Though not completely unknown—she has several albums and collaborations with artists like Tan Dun on her CV—Norwegian violinist Eldbjørg Hemsing is a new face on the New York scene. Her recital Wednesday night in the Bruno Walter Auditorium had the satisfaction of hearing a fine, new artistic voice in full maturity.
The concert was presented by the National Music and Global Culture Society, an organization that brings together music from differing backgrounds around the world. Hemsing played with Azerbaijani pianist Nargiz Aliyarova, the organization’s founder and president, performed two standard violin sonatas from and, befitting the NMGCS mission, nationalist music from their respective countries of origin.
Thus, the program began with Prokofiev and ended with Grieg, with mostly obscure names (Bjarne Brustad, Franghiz Alizadeh, Gara Garayev, and Arif Melikov) in the middle. One could hear the concert as a sandwich with more bread than meat—substantial and delicious bread to be sure, but also some substance in the middle pieces, primarily in the solo music for each instrument.
From Aliyarova’s opening remarks, it was clear that the two musicians had not played together before being joined for this concert. She expressed that they found that between them they had a sympathetic view of Prokofiev’s Violin Sonata No. 2, Op. 94.
Yet, oddly, it was in this music where the two seemed least integrated as partners. Eldbjørg’ s shining, singing tone and Aliyarova’s darker sound—enhanced by a distinctive Steinway—made for a strong aesthetic contrast, appropriate for Prokofiev’s complex mixture of sincerity and acerbity, calm and agitation.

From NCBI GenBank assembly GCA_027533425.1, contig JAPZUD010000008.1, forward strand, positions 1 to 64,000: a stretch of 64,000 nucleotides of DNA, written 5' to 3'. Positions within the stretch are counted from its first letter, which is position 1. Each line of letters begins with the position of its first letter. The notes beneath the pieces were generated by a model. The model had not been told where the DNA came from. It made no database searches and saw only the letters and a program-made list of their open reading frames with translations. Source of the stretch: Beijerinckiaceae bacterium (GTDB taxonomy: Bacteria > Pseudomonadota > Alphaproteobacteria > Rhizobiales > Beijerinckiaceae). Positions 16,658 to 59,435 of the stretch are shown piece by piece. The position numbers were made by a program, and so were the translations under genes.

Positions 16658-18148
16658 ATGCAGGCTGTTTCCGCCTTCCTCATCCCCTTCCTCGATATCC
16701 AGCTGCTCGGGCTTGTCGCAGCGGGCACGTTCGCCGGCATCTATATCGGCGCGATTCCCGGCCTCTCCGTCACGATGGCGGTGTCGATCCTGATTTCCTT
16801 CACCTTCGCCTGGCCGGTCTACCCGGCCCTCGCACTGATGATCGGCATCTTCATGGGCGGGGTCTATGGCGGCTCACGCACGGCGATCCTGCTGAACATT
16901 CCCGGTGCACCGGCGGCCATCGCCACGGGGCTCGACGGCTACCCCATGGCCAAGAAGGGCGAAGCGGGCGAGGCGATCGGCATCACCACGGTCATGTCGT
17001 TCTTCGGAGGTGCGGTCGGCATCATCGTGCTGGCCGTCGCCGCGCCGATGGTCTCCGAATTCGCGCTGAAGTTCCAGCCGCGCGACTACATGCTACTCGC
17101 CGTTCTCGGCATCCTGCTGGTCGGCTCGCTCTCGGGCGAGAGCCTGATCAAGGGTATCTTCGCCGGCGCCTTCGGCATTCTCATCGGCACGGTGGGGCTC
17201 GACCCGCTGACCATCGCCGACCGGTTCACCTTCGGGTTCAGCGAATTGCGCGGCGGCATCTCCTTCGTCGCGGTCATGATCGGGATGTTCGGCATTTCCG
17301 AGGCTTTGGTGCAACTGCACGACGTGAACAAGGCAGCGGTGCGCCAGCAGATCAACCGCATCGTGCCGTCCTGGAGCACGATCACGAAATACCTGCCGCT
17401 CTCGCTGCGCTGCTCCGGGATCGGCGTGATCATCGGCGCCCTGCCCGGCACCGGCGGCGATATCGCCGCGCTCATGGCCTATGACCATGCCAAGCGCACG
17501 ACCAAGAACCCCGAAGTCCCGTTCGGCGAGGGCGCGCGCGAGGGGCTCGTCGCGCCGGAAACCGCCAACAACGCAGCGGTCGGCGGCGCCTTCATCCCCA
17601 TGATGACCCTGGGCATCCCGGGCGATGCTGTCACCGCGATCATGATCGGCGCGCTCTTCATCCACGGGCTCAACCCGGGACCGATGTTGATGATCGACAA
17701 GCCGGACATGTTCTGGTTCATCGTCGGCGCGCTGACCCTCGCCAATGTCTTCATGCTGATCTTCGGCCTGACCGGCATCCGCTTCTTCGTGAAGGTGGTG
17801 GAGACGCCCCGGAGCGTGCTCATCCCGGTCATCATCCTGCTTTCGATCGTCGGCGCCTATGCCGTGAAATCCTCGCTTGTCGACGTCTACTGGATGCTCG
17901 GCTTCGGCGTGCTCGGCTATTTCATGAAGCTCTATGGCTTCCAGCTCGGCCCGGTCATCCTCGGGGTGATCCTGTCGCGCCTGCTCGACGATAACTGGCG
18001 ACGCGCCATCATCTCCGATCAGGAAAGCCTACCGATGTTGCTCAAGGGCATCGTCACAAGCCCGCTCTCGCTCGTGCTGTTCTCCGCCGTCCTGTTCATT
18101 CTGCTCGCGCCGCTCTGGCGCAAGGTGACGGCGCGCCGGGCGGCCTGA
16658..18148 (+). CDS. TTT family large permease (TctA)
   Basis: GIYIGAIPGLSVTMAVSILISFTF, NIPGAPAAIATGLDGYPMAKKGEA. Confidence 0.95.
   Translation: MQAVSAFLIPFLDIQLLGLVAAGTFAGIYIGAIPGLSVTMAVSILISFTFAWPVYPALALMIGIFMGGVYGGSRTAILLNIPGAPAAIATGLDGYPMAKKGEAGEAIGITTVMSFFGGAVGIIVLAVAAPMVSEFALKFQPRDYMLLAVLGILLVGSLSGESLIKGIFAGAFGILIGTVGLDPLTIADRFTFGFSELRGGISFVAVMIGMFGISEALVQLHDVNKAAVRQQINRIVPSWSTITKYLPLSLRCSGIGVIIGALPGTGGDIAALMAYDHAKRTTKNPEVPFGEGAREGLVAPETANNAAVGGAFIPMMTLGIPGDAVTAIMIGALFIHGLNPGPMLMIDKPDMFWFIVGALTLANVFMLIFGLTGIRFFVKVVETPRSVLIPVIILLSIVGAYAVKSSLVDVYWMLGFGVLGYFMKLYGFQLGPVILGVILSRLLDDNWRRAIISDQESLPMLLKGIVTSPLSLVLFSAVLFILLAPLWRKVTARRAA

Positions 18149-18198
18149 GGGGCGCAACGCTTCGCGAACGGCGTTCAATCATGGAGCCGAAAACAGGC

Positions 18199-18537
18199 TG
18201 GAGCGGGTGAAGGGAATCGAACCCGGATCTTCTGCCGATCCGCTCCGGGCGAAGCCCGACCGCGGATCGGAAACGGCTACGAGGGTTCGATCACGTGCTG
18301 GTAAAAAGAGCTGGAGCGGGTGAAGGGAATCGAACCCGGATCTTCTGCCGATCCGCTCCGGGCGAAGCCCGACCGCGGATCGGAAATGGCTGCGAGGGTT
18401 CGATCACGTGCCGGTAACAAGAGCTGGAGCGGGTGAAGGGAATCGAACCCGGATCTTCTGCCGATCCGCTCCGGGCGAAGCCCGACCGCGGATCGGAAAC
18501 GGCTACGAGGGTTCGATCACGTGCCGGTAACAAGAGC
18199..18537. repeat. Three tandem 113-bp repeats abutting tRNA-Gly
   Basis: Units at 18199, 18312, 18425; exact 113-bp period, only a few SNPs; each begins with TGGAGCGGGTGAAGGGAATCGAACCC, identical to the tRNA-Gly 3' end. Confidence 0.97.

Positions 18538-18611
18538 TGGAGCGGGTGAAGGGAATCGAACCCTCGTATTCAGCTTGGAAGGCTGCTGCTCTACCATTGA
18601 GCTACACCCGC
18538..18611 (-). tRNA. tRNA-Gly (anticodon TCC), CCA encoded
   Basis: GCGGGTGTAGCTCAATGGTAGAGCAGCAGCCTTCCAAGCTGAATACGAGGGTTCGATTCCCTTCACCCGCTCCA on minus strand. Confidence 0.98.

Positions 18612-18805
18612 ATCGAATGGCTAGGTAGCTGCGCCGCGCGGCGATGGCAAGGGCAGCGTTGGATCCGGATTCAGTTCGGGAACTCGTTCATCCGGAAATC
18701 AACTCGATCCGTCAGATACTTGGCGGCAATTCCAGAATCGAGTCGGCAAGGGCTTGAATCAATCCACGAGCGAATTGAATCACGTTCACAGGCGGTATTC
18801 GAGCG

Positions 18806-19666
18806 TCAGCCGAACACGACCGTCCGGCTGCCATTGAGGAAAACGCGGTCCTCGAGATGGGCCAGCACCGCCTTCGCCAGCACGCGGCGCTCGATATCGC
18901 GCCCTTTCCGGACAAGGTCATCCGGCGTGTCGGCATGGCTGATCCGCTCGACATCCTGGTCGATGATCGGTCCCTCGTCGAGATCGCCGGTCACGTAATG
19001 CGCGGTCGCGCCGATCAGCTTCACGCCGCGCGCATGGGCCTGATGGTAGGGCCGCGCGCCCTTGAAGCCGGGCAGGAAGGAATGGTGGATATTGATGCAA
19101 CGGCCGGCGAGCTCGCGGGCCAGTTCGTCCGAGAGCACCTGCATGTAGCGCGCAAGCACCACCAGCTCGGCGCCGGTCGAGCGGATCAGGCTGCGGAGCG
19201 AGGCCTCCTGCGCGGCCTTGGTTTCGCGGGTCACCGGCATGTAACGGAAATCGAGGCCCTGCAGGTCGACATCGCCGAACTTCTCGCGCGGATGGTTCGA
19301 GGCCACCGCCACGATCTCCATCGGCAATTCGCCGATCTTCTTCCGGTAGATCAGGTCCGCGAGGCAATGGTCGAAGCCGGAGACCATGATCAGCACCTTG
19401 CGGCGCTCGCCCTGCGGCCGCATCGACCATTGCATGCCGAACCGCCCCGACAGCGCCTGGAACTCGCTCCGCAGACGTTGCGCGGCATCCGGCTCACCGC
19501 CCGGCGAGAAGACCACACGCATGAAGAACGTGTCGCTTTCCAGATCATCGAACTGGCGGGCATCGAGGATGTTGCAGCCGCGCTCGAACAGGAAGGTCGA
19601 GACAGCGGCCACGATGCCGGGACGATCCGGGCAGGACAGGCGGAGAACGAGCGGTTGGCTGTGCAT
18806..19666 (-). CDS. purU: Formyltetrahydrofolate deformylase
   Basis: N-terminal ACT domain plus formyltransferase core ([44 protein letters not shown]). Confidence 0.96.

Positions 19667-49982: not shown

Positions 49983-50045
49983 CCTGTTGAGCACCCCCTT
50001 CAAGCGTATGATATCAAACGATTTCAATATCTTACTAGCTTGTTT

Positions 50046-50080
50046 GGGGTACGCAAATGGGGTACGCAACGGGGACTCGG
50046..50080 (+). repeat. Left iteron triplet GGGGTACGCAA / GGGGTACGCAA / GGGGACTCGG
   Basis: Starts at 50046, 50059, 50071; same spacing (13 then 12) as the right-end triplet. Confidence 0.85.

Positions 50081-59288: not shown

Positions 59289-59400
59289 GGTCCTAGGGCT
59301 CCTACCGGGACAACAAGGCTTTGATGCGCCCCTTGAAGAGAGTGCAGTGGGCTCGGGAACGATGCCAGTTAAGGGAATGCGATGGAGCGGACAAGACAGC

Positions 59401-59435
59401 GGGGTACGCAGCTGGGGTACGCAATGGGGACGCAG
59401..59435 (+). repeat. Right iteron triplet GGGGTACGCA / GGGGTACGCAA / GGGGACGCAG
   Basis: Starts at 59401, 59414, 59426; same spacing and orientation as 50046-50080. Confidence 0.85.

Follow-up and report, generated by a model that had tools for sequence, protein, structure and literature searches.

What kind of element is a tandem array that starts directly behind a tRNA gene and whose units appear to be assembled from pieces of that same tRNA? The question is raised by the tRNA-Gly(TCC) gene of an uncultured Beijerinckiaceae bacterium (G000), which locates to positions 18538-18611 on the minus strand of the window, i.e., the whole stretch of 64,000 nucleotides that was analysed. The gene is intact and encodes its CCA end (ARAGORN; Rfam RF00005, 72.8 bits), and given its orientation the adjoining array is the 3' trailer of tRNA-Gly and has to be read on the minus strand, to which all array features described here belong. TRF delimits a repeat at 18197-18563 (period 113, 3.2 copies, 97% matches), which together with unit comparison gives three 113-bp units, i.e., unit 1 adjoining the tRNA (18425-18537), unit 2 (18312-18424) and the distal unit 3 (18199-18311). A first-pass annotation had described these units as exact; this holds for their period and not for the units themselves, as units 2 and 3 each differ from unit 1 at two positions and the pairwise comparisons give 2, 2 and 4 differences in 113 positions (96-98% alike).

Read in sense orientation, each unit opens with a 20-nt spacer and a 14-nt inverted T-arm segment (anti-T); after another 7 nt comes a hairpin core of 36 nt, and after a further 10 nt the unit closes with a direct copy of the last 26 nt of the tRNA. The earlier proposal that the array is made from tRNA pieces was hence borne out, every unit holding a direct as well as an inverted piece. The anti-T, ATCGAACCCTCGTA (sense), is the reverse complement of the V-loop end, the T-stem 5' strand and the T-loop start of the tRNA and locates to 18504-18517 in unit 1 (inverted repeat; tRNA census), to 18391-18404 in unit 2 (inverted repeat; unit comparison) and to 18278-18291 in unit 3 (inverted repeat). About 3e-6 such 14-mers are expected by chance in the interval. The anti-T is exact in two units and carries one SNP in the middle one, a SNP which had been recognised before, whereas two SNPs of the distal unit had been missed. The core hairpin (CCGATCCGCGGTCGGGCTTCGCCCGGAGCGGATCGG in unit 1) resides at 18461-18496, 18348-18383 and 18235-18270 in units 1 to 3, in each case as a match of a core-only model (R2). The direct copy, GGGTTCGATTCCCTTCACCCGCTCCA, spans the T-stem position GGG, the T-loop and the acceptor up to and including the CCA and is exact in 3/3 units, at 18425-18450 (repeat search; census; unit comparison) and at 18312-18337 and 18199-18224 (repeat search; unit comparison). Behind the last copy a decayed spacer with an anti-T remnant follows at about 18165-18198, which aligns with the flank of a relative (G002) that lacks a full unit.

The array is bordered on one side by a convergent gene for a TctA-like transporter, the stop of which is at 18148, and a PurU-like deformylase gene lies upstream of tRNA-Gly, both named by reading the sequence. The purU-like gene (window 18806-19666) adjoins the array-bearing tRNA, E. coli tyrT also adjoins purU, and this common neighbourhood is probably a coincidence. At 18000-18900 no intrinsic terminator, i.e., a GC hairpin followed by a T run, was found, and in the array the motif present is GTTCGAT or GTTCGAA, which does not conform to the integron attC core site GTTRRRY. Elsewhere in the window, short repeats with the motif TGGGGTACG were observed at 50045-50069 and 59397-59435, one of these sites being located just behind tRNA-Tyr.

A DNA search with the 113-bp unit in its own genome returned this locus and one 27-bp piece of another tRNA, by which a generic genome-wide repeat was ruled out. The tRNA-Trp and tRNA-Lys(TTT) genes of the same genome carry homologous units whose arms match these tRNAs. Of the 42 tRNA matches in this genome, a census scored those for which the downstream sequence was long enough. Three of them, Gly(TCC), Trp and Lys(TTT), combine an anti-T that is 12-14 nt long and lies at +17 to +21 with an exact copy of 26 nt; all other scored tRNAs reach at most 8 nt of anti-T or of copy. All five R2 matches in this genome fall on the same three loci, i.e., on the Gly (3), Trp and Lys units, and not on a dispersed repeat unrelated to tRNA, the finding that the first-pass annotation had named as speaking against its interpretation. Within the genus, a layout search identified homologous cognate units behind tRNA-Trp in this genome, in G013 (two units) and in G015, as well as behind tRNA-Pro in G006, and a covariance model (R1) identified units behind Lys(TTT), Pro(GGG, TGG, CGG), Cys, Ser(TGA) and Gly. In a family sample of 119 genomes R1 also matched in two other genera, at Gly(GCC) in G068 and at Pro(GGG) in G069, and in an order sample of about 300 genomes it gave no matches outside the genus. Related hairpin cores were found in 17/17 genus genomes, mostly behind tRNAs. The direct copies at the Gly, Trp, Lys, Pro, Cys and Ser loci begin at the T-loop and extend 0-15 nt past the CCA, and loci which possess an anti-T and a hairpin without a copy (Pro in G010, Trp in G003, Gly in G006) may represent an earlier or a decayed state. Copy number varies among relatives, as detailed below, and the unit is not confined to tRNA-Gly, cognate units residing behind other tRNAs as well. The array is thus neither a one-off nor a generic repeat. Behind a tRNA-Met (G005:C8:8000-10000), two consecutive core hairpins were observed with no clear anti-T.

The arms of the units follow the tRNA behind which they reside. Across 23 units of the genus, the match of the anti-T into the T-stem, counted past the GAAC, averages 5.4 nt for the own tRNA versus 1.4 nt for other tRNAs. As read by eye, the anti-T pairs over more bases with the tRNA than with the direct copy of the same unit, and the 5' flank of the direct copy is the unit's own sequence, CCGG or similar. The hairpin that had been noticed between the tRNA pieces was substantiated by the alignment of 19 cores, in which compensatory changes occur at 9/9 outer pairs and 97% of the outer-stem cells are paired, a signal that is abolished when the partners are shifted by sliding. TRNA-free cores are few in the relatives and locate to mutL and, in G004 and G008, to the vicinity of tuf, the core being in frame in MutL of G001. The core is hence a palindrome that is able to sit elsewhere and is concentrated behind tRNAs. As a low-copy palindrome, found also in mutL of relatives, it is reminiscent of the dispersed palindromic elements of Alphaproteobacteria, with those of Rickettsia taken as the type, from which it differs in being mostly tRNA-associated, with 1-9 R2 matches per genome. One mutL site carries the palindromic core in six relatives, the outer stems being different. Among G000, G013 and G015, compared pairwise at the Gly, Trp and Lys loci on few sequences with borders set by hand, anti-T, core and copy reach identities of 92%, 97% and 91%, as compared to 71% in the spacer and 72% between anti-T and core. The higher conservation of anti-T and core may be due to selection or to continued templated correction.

But the two did not see eye-to-eye in terms of phrasing and dynamics. The strengths of Eldbjørg’s playing came through and she showed an innate feeling for the long line and the expressive possibilities of fine dynamic gradations. Throughout the Prokofiev sonata, her dynamic range was much wider than the pianist, and Hemsing’s quiet playing found more depths in the music. There were also balance problems throughout the sonata, with the pianist too often covering Hemsing’s violin.
Grieg’s Violin Sonata No. 3, which closed the concert, was excellent in every way. Here the two musicians were wholly simpatico—in coordination on phrasing, dynamics, and also mood, where Aliyarova matched Eldbjørg’s quick, communicative flow. Finding truly quiet volume, one could hear all of the violinist’s soft and varied colors and timbres.
In the middle section of the concert, Eldbjørg played Brustad’s Fairy Tale for solo violin, four short, charming vignettes based around the traditional Norwegian stories of trolls. The pianist’s solo piece was Alizadeh’s Music for Piano. Some of the composer’s music can be heard through recordings from the Kronos Quartet, and the piano piece was a fine distillation of her voice. Using a small chain to prepare a section of the instrument’s strings to produce a cimbalom-like sound, Aliyarova delivered captivating contrasts between the alternations of haunting, minor-key pentatonic scales and stormy, effective passages in the deepest parts of the piano.
The two came together for lyrical if rather sentimental excerpts from ballets by Garayev and Melikov, demonstrations of a style that didn’t match the rest of the programming in substance.
These also had less of a hold on an often-chaotic audience, which responded with enthusiasm at the end but also spent time talking, texting, and going in and out of the rows as the music was playing. Aliyarova even had to shoo away the photographer, who climbed up on the stage with the musicians were playing Melikov’s “Monologue” from the ballet Legend of Love.
Written by George Grella on April 25, 2019